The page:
The damp weather on the afternoon of September 25th was perfect for searching along the trails of the preserve for fall fungi in all of their fascinating textures and colors. Marie Trest, teacher of the UW Madison Fungi lab course, guided almost eighty fungi fanatics through how to identify some of our local fruiting bodies. With their gills, tubes, teeth, puffballs, forking corals, shelves, and cups, fungi have as many functions in the forest as there were logs to overturn and leaves to comb. Each fungi found had a unique role hinted at by what substrate they were emerging from and the forms they took on. We also learned how to take spore prints to help identify some mushrooms that look similar to one another. Fungi recycle the dying plants and animals of the forest floor into the nutrients needed by new, emerging life. Fungi are pathogens, they provide medicine and food, and they form close symbioses. At the heart of nearly every ecological process, there is a fungus. A special thanks to Marie for sharing her expertise with us and impressing on us just how important and beautiful these too often overlooked organisms are.
Report and photos by Matt Chotlos.
As a sleepy tree frog awoke in the coming dusk of a muggy September evening, its bulbous eyes would have noticed something odd about its usual view from the fieldstone wall at the entrance to Picnic Point. An alien invasion of more than 30 bobbing lights bore down swiftly upon its stone cubby, giving it no choice but to retract back into its daytime guise of being a particularly rotund clump of lichen. To the frog’s relief, the lights mostly sailed right by in the hands of arachnid enthusiasts making a bee-line for the webs strung upon the stone wall’s gates. Puffs of corn starch mist illuminated by eager beams lit up a tapestry of silk between the dark cast-iron bars.
Harvestmen (daddy longlegs) researcher Guilherme Gainett led us on a captivating night-time hike with help from spider researcher Siddharth Kulkarni. The two Sharma Lab experts wove their own web of arachnid facts and stories around the countless eight-legged critters we were finding. Harvestmen and spiders, while they look similar, are two distinct varieties of arachnid. Contrary to popular myth, harvestmen are not venomous like their spider relatives. They also have only one discernible body segment (see picture below). Spiders, in contrast, have a distinct thorax separated from their abdomen by a narrow, flexible waist called a pedicel. Additionally, harvestmen lack the ability to make silk and cannot make webs like their spider cousins.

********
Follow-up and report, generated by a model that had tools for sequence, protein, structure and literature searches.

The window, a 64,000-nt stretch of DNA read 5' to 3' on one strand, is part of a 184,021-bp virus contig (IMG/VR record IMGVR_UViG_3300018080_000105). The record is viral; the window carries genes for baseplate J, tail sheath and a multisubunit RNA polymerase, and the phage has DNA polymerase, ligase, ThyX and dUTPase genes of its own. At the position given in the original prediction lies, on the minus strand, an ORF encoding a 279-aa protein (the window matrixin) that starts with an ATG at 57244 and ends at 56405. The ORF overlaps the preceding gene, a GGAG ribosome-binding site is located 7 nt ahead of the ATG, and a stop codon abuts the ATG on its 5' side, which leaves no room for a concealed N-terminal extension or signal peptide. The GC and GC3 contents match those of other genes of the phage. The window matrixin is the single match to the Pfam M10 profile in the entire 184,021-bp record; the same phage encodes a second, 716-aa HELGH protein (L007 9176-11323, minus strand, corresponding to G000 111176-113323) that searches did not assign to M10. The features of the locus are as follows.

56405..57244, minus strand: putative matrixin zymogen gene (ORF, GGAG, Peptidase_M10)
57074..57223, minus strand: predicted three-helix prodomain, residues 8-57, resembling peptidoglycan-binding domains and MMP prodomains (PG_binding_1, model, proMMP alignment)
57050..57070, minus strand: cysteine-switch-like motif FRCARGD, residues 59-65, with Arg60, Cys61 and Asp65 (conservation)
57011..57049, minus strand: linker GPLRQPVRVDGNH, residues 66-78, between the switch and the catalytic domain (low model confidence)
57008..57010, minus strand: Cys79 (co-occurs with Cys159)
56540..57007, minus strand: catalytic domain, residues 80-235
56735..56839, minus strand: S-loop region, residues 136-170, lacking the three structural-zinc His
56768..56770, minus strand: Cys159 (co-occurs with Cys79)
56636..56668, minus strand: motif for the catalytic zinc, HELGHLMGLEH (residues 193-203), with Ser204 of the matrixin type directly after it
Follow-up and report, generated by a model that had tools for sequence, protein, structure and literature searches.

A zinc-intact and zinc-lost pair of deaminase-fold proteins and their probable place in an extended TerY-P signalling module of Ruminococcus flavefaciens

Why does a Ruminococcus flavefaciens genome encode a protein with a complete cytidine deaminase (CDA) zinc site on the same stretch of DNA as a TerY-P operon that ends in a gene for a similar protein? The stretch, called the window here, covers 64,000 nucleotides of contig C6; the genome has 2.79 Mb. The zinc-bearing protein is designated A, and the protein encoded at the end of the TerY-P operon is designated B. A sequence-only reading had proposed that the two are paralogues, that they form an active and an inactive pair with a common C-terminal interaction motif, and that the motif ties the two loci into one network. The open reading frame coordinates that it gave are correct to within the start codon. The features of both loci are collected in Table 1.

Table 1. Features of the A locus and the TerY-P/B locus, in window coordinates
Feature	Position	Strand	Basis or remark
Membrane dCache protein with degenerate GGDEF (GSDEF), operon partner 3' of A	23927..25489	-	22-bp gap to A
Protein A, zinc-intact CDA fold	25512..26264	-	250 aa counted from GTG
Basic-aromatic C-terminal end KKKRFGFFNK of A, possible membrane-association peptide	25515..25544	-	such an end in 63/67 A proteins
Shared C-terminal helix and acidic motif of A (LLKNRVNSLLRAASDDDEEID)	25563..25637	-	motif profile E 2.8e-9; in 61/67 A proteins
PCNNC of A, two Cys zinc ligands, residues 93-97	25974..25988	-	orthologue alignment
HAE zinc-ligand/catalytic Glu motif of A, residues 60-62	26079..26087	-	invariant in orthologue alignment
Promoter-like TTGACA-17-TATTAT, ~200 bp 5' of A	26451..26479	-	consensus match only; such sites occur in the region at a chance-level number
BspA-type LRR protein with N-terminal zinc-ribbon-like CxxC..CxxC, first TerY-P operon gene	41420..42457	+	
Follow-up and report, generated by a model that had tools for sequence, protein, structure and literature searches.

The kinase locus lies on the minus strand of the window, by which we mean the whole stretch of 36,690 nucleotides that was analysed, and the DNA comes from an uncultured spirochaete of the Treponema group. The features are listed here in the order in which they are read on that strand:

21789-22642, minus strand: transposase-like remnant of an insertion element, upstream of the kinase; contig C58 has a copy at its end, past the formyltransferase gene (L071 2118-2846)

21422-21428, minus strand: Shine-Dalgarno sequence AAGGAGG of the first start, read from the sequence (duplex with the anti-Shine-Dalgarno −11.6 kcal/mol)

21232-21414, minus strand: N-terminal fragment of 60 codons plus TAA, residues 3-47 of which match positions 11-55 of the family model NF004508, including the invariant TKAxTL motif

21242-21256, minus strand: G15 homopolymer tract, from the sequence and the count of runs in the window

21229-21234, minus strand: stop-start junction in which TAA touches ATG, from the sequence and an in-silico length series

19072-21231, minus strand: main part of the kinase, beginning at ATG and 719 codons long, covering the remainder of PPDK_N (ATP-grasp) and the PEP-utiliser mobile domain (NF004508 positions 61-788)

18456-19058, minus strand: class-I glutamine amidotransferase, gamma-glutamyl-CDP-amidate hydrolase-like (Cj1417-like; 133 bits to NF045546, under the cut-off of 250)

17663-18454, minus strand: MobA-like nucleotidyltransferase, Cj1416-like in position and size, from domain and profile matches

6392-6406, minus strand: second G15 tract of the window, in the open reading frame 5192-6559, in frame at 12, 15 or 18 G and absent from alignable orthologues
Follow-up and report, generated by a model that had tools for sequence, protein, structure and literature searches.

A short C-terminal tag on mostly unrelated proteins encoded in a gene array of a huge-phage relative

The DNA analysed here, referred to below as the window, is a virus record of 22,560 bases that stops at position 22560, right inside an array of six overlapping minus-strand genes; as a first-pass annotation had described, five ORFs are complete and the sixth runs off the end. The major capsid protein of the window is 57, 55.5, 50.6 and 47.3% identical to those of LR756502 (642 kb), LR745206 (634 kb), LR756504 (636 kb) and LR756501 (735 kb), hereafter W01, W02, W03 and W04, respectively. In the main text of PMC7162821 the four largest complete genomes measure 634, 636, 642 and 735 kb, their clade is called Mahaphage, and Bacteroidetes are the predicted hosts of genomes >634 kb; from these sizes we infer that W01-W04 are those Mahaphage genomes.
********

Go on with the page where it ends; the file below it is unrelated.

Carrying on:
Orb webs, sheet webs, funnel webs, and other ingenious works of architecture took form before our eyes between leaves and branches. These different web forms tell stories not just of different ways of life, but also different spider evolutionary histories. Some spiders wait for prey to trap themselves, while others actively cast their nets upon prey, or "fish" by swinging long sticky lines. Did you know the organ spiders use to create their silk is called a spinneret? The spinneret is composed of many microscopic "spigots" that each produce a single thread that is woven together into the strands we can see with our naked eyes.
The sparkling jewels of spider eyes glittered from the ground too, as wandering spiders hunted through the leaf litter in the hundreds. We learned that just as cats and dogs have a reflective “tapetum lucidum” layer in their eyes that helps with night vision, so do many spiders! Appreciating this glimpse of the multitudes of arachnids one can find in the Preserve deepened my sense for what little we still know about the eight-legged creatures that live with and around us in Madison. Siddharth told us that for every species of arachnid known to science, there may be another yet to be described.
Stay tuned about further arachnid-themed events in the future as we work with Guilherme and Siddharth to continue to learn about all the eight-legged creatures that call the Preserve home.
Report by Will Vuyk. Photos provided by Eve Emswhiller, Guilherme Gainett, and Will Vuyk.
On a sunny Saturday morning at Frautschi Point, twenty students, community members, and long-time Friends stared intently at a basswood tree about fifteen feet off the trail. The basswood, though a remarkable species in its own right, was not the subject of this intense scrutiny for its own merit alone. This was no tree walk; our leafy friend was abuzz with fluttering warblers. As accomplished birders Jill Feldkamp and Roma Lenehan led us around the forested trails of Frautschi Point, we saw a number of woodpeckers, thrushes, and of course, the sought-after migrating warblers. Just before emerging out into the Biocore Prairie, some of us in the far back even saw a bald eagle!